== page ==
Vaccines Are Not Just for Kids

Aug 12, 2014

By Allison Hackbarth, JSI Research & Training Institute, Inc. – Project Manager, Massachusetts Adult Immunization Coalition

Did you know that August is National Immunization Awareness Month? Now is the perfect time to get the word out about the importance of vaccinations for adults. National Immunization Awareness Month, held each August, provides an opportunity to highlight the value of immunization across the lifespan.

vaccines are not just for kidsImmunizations are one of the most effective public health interventions because they reduce or eliminate the burden of diseases such as pneumonia, flu and shingles. The Centers for Disease Control and Prevention (CDC) recommends vaccinations from birth through adulthood to provide a lifetime of immunity. While childhood vaccination rates are relatively high, most adults are not vaccinated as recommended, leaving them vulnerable to illness, long-term suffering, and even death.

According to the Massachusetts Healthy Aging Data Report, the state average for persons age 60 or older who get annual flu shots is about 68 percent, while the state averages for the pneumonia and shingles vaccines in this age group are even lower, at 61 percent and 15 percent respectively. In some towns like Springfield, only five percent of older adults are getting the shingles vaccine.

Immunization is especially important for adults 60 years of age and older, and for those who have a chronic condition such as asthma, COPD, diabetes or heart disease. “It takes a collaborative effort to ensure adults know about the importance of vaccination, have access to immunizations and are reimbursed adequately,” said Antonia Blinn, Massachusetts League of Community Health Centers. “That’s why we seek to share innovative strategies as well as evidence-based approaches to improving adult vaccination rates.”

Why are adults not being vaccinated as recommended?
  • Lack of awareness and knowledge among adults of the need for vaccines. Many are also misinformed about the safety and effectiveness of vaccines.
  • Limited access: A large number of adults do not have regular physical exams and switch doctors and health plans often. More and more pharmacies are offering vaccines making access easier.
  • Lack of resources and knowledge among healthcare providers to maintain an adequate supply of vaccines or to keep up with vaccine guidelines. This is important because healthcare providers influence their patients’ receptiveness to vaccine.
  • Limited financing for immunizations: The Affordable Care Act is making financing less and less of an issue with its requirement on coverage of preventive care, including vaccination with no co-pays or cost sharing. Insurance though does not always pay for adult vaccines administered outside of the traditional medical setting. For people without health insurance, out of pocket costs for vaccines can be prohibitive.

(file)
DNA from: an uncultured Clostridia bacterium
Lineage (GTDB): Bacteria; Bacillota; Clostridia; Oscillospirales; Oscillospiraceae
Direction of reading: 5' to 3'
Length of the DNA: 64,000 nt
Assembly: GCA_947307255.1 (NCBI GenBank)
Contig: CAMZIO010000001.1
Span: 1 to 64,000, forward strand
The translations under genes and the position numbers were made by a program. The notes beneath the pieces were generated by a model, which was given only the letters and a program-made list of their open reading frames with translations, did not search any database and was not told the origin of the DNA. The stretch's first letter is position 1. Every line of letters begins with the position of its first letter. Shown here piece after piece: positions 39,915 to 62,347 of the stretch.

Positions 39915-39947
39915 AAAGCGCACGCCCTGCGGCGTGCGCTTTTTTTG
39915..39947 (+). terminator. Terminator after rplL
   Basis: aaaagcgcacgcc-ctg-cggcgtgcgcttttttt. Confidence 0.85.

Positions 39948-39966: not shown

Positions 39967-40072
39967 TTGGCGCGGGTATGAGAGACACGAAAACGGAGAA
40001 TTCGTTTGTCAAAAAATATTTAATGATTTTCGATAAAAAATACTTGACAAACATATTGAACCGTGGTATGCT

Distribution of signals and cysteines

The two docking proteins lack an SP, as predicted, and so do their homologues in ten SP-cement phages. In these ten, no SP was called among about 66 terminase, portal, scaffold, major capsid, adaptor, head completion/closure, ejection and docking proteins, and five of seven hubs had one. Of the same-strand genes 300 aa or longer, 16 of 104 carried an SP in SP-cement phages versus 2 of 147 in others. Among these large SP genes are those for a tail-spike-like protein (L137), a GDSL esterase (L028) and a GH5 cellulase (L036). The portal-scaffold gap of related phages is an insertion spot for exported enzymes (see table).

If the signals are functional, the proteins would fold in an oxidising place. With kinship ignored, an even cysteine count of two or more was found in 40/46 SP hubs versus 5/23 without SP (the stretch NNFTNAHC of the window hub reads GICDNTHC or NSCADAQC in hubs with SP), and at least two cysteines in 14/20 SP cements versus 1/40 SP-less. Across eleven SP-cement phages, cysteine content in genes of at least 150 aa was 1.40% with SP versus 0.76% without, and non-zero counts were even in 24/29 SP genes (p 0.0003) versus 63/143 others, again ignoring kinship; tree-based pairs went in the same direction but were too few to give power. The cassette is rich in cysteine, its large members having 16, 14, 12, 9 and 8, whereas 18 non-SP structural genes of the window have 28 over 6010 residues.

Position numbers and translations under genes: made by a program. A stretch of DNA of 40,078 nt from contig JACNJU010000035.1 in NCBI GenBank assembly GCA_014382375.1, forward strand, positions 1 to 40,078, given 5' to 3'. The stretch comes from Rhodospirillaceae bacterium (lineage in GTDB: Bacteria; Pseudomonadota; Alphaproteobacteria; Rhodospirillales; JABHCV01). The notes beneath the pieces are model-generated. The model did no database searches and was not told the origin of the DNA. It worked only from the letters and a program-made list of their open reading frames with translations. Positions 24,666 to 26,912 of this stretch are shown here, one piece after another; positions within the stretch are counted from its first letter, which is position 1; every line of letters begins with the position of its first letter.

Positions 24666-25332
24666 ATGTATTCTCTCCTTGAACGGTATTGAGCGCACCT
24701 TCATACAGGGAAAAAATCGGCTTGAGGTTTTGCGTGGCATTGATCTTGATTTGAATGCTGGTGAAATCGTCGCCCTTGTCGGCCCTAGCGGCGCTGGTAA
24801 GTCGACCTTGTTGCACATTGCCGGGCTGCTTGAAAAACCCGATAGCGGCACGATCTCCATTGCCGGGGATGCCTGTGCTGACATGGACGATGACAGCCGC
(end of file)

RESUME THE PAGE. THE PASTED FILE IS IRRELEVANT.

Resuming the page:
What are the vaccines that adults need?

The specific vaccines you need as an adult are determined by factors such as your age, lifestyle, high-risk medical conditions, occupation, location of travel, and previous vaccines. Throughout the adult life, vaccines are needed to protect against: seasonal flu (for all adults); tetanus, diphtheria and pertussis or whooping cough (for all adults); shingles (for adults 60 years and older); pneumonia (for adults 65 years and older and adults with specific health conditions). There are other vaccines that adults may need too. CDC has a webpage on adult vaccinations including an adult vaccination quiz to determine which vaccines are needed.

Do you know about the Massachusetts Adult Immunization Coalition?

The Massachusetts Adult Immunization Coalition (MAIC) is a collaborative partnership dedicated to increasing adult immunization through education, networking, and sharing innovative and best practices. There are currently over 200 members representing local and state public health organizations, community health centers, medical practices, health insurance plans, pharmacies, senior service organizations, hospitals, home health, and more. “With so many competing priorities, it is more important than ever to collaborate and identify unified strategies to ensure that adults have equal access to immunizations and that providers are reimbursed adequately” said Antonia Blinn, co-facilitator. “We welcome all new members.”

For more information or to join, visit the MAIC website.

How can I or my organization help promote adult vaccinations during August?

Activities focus on encouraging all people to protect their health by being immunized against infectious diseases. A National Immunization Awareness Month Communication Toolkit is available – download the toolkit . The toolkit is structured to highlight the importance of immunizations for a different population each week of the month.

The toolkit contains everything you need to promote the message of vaccination – key messages, sample media materials, social media content, sample articles and event ideas. You can also get eye-catching logos and banners for each weekly theme to place on your websites and social media platforms. Create buzz by using the social media messages in the tool kit. The messages are crafted in a way that you can use them as they are—or tailor as you see fit for your audience(s).